Afraid to talk politics with anyone outside your bubble? Worried that one strong opinion, however tactfully expressed, might turn a neighborly chat into a lifetime of stony silence?

Here’s a suggestion: Peek over the political divide and simply say, “There’s too much outside money in or elections these days, don’t you think?”

Then watch as, voila, your erstwhile adversary nods in agreement.

“The mute button is worn out on my remote,” David Trahan, executive director of the Sportsman’s Alliance of Maine, complained in a recent interview. “A lot of it’s just getting tuned out. I just don’t want to hear it.”

He’s talking about the tsunami of negative political advertising now filling Maine’s airwaves, social media platforms and anywhere else election messagers can find a portal into our collective consciousness. And Trahan, a former Republican state senator from Waldoboro who also laments the dearth of “natural born leaders” in a political system now dominated by billions upon billions of dark dollars, is far from alone.

Earlier this month, a poll commissioned by American Promise, a national organization working to reduce and regulate campaign spending by way of an amendment to the U.S. Constitution, showed just how fed up Mainers are with the megabucks being spent by outside interests to influence our elections.

The survey by Citizen Data of 600 likely Maine voters during the first week of September found that just under 73 percent of the respondents support a 28th Amendment to the Constitution that would place limits on campaign financing by wealthy individuals, corporations, labor unions and other organizations. The idea drew support from 54 percent of Republicans, 86 percent of Democrats and 61 percent of unenrolled voters.

Enter Stand With Maine, a grassroots organization attracting people from across the political spectrum, including Trahan, toward a common goal: Control the wide-open spigot of dark money now flooding our elections to the tune of $12 in out-of-state money for every dollar raised here in Maine, according to data complied from OpenSecrets.org.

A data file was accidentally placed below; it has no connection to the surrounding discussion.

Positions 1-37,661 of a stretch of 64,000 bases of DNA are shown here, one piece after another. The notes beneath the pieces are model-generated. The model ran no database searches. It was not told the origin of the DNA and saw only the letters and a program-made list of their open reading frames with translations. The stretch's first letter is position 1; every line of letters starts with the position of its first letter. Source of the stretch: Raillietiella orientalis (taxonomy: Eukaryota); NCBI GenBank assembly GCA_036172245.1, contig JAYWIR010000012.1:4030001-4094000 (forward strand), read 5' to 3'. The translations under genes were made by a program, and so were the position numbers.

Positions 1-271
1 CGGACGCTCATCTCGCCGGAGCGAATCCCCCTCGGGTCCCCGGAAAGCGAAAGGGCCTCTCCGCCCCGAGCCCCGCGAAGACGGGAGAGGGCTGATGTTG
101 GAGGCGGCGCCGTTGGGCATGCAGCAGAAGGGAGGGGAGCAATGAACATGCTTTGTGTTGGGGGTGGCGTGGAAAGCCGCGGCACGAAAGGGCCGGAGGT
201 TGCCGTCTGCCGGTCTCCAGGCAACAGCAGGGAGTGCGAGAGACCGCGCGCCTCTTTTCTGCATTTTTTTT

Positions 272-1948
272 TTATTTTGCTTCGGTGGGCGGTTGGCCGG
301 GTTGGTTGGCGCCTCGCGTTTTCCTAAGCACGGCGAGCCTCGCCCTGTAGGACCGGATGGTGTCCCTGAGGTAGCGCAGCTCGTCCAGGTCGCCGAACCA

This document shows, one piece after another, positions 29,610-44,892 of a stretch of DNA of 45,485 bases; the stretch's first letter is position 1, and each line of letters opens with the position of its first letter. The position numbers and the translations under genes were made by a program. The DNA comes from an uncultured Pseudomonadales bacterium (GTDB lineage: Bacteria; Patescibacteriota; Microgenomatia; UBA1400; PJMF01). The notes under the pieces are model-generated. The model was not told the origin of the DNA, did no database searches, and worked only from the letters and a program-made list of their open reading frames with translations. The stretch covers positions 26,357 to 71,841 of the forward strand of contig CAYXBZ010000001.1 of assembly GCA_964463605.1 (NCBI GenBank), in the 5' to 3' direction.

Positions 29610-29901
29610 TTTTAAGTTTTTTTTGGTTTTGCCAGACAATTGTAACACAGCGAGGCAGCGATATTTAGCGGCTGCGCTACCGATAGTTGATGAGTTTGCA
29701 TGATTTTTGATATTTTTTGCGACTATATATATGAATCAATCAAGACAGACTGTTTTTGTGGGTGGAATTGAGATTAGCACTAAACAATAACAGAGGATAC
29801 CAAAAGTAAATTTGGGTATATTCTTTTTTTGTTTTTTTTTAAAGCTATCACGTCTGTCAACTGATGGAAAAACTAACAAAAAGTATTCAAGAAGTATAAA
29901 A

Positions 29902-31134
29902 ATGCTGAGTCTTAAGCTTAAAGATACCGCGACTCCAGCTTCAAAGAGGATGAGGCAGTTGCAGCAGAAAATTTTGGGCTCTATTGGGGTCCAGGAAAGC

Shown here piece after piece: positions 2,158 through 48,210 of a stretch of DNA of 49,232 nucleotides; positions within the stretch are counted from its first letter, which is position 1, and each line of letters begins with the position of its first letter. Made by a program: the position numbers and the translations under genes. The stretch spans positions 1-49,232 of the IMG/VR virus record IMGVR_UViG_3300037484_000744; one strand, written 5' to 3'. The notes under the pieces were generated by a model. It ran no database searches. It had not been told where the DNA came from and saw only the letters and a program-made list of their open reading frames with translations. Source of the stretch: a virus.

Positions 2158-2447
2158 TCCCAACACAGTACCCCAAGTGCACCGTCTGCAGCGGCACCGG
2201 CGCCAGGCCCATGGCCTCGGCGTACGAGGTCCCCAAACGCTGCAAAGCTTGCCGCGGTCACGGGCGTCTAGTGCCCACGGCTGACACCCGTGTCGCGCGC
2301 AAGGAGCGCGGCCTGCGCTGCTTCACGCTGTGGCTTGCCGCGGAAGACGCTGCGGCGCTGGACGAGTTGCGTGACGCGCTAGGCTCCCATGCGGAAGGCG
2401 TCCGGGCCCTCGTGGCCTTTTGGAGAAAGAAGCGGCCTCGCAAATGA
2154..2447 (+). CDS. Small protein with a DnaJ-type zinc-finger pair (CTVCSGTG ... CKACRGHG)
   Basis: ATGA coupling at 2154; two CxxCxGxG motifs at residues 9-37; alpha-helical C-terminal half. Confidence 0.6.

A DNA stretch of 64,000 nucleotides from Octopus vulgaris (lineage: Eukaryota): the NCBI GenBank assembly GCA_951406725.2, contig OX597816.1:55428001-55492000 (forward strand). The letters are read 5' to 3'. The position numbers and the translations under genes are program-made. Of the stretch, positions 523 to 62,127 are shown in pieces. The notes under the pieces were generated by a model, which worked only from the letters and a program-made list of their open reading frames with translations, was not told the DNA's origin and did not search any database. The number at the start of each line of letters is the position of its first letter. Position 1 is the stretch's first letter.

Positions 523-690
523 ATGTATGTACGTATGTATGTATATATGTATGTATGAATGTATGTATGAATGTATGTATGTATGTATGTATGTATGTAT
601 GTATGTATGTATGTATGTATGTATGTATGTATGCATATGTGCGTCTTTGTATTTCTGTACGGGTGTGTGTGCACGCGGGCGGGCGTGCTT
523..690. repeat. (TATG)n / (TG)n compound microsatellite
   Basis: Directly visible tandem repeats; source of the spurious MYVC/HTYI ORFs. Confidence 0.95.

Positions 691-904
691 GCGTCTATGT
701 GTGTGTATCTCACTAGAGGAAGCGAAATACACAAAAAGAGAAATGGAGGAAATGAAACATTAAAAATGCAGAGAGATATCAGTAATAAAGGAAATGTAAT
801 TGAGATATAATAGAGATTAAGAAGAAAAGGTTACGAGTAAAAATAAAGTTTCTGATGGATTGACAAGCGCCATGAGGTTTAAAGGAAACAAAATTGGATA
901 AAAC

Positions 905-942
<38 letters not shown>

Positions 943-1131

“We certainly find that practically everyone we talk to is interested in the topic,” said Amy Cartmell of Freeport, one of two co-leaders of Stand With Maine, the state chapter of American Promise. “The polling certainly shows that the vast majority of Mainers support our mission and it’s really just a matter of getting to everyone.”

In this year of the COVID-19 pandemic, that hasn’t been easy. During Maine’s presidential primary in March, a handful of Stand With Maine volunteers at just three polling places managed to gather more than 800 signatures on a petition urging all candidates and elected officials to get behind the proposed amendment. That number has since risen to 1,500 signatures, although concerns about the coronavirus will undoubtedly hamper signature-gathering efforts this fall.

Still, the battle goes on. Maine’s Legislature passed a non-binding resolution supporting the 28th Amendment back in 2013. Seven years later, we’re one of 20 states that have called on Congress, through either legislative resolutions or citizen referendums, to get moving on the process.

It’s an admittedly daunting challenge: An amendment to the Constitution requires either a constitutional convention called by two-thirds of the states – the last time that happened was in 1787 – or approval by two-thirds majorities in both the House and Senate. After that, it must be ratified by three-quarters, or 38, of the 50 states.